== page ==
I had been busy deafening my parents for years by creating high-pitched squawking melodies on my “recorder”, the closest thing we had to a wood instrument at home. On band day I was so excited to finally get to see and hold a genuine, shiny flute in my 10-year-old hands.
I picked it up, my eyes gleaming, and held it to my lips. “Pfffffffffffffffffffft.” Nothing. I tried again, blowing into it like the 12-year-old owner of the flute had showed me. Again, nothing but a music-less “Pfffffffft.” I couldn’t believe it. My heart-felt heavy in my chest, and tears pricked at my eyes. I gave up, and handed her back her flute. Next, I decided to try the clarinet. It wasn’t the flute, and I wasn’t a huge fan, but at least it was still in the part of the orchestra that got the pretty melodies. “Honk-screech!”
Feeling even worse, I made my way to the back of the room where the brass instruments were. Someone handed me a French Horn. I held it to my lips, and out came a full, rich sound totally recognizable as belonging to a musical instrument. I shrugged, and wrote down “French Horn” next to my name, as by default this was obviously my instrument.
I played the French Horn for five years, including the first couple of years of junior high school. I hated the thing. I never got the good parts of any musical piece. In my second year of junior high school, my apparent “rare talent” for this instrument got the attention of a professional French Horn player in the city. He even offered me free private lessons after school. (It really was so kind of him to do that, I hope he never reads this). The plan was that I’d play in a major youth orchestra, and eventually play professionally.
I don’t remember how, but somehow I managed to quit the darn thing, despite everyone’s excitement about my supposed talent. I didn’t get much respite though, as fairly soon after I got sucked into the vortex of being a “gifted student in the Sciences”. I was finally spit out by the system at the age of 28. By then, I was not surprisingly a suicidally depressed Emergency Medicine resident. Same phenomenon, different vocation.
People don’t mean any harm by identifying talent in kids and giving them opportunities to develop that talent. If the child actually enjoys the activity, this is a fantastic thing. A friend of mine in junior high was discovered by a professional ballet company, and within weeks accepted an offer of a full scholarship at the best ballet school in the country. She dances professionally today at a well-respected company. But she loves ballet – this is the difference.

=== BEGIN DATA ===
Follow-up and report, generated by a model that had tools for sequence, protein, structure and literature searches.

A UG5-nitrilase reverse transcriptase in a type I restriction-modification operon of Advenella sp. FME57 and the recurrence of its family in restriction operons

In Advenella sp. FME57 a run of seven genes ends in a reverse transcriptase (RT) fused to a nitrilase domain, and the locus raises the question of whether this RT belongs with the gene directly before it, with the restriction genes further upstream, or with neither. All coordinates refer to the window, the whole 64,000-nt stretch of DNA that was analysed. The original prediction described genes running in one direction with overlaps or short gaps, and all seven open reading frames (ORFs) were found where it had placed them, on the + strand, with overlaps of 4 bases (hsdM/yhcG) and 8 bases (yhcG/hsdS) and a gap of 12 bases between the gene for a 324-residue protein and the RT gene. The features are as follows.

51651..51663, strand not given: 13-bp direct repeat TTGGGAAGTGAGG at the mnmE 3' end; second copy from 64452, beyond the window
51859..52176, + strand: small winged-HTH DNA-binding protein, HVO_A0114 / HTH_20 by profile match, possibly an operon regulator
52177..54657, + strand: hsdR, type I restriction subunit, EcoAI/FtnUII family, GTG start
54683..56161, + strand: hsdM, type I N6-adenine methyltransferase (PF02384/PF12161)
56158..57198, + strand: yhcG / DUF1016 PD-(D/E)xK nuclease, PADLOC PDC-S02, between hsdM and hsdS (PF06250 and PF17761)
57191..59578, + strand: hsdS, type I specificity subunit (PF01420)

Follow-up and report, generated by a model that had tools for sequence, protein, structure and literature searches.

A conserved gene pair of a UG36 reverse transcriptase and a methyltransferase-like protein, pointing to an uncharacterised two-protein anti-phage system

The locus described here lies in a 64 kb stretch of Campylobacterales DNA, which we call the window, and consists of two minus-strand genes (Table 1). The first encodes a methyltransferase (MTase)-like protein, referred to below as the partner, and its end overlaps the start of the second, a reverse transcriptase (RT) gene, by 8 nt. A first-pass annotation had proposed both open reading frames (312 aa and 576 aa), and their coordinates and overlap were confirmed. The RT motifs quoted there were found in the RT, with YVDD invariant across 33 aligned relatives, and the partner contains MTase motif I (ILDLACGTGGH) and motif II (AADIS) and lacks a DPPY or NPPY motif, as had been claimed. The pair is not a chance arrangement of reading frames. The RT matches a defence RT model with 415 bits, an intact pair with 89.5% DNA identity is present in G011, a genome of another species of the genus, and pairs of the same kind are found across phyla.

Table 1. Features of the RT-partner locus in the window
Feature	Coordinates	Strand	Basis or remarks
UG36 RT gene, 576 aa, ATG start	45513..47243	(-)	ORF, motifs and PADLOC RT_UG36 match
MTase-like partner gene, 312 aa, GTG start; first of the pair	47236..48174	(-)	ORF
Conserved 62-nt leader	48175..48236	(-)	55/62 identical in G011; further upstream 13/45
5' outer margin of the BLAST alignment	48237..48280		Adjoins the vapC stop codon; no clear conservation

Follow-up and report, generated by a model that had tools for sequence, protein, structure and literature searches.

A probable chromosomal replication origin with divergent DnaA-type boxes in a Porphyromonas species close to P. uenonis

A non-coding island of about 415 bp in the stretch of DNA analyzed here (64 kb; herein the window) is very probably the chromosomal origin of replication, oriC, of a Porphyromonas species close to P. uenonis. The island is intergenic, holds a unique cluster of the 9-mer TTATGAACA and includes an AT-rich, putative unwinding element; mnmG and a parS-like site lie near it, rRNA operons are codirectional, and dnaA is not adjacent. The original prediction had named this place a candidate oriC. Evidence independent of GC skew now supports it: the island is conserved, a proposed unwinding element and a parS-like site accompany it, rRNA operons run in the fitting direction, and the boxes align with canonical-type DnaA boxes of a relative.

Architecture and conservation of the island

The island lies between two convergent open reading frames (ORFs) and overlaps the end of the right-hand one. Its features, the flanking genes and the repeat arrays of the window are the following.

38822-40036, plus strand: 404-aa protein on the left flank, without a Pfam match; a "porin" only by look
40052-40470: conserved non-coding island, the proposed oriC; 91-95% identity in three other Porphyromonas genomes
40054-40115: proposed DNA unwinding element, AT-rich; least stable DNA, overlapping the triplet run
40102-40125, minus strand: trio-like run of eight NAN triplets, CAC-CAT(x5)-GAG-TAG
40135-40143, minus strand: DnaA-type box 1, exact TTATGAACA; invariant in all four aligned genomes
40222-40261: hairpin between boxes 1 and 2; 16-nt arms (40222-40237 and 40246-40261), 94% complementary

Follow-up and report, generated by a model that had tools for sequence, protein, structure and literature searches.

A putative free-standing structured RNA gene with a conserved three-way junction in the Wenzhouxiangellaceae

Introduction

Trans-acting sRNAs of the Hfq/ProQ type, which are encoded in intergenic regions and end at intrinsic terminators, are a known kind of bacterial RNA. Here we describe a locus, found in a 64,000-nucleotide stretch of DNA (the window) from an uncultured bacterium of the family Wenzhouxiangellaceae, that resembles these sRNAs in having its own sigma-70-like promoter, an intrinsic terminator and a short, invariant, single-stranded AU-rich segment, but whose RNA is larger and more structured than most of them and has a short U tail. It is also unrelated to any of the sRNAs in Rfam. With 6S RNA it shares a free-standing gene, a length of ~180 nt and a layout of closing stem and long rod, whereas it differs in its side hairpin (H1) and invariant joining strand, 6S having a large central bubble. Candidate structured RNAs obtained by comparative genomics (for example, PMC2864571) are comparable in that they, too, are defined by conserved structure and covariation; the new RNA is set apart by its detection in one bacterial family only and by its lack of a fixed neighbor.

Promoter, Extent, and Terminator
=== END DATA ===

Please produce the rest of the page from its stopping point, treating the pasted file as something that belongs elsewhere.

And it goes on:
I so wish that some grown-up had encouraged me to choose the musical instrument that I loved passionately, along with the reassurance that I could learn how to play it. I wish that someone had seen past my “gift for science” and paid equal attention to how much I loved my creative writing classes.
You can only go so far on talent alone. If you’re good at something, it gets noticed and valued by others, and it certainly opens doors. It can generate much-needed income, which can be important. Yet when it comes to truly fulfilling your potential and knowing the joy of doing what you were made to do, the only thing that will give you that experience is what you love.
I fully appreciate that you can’t always do what you want. Economic realities are what they are, and it would be foolish for many people to abandon the job that pays the bills in order to pursue their passion. Then again, there are plenty of people who have done just that, and have done very well.
Regardless, if you’re honest with yourself about what your true passion is, you owe it to yourself to pursue it in some form, even if you never quit your day job and you never earn a penny doing what you love. The key is to do what you love, somehow. From “Being Good at Something Doesn’t Mean You Should Be Doing It” by Dr. Susan Biali, M.D. http://www.psychologytoday.com/blog/prescriptions-life/201203/being-good-something-doesn-t-mean-you-should-be-doing-it
And so it is with great gratitude within the last year I discovered what I have long done as a profession was never what I truly loved, but instead what I chose to make money doing. The avocation has treated me well, but is far from the work I want this life to leave behind. This is the year I change direction and follow my dreams. For the inspiration and new courage to try something new, I am thankful.
Until a person can say deeply and honestly,
“I am what I am today because of the choices
I made yesterday,” that person cannot say,
“I choose otherwise.”
Stephen R. Covey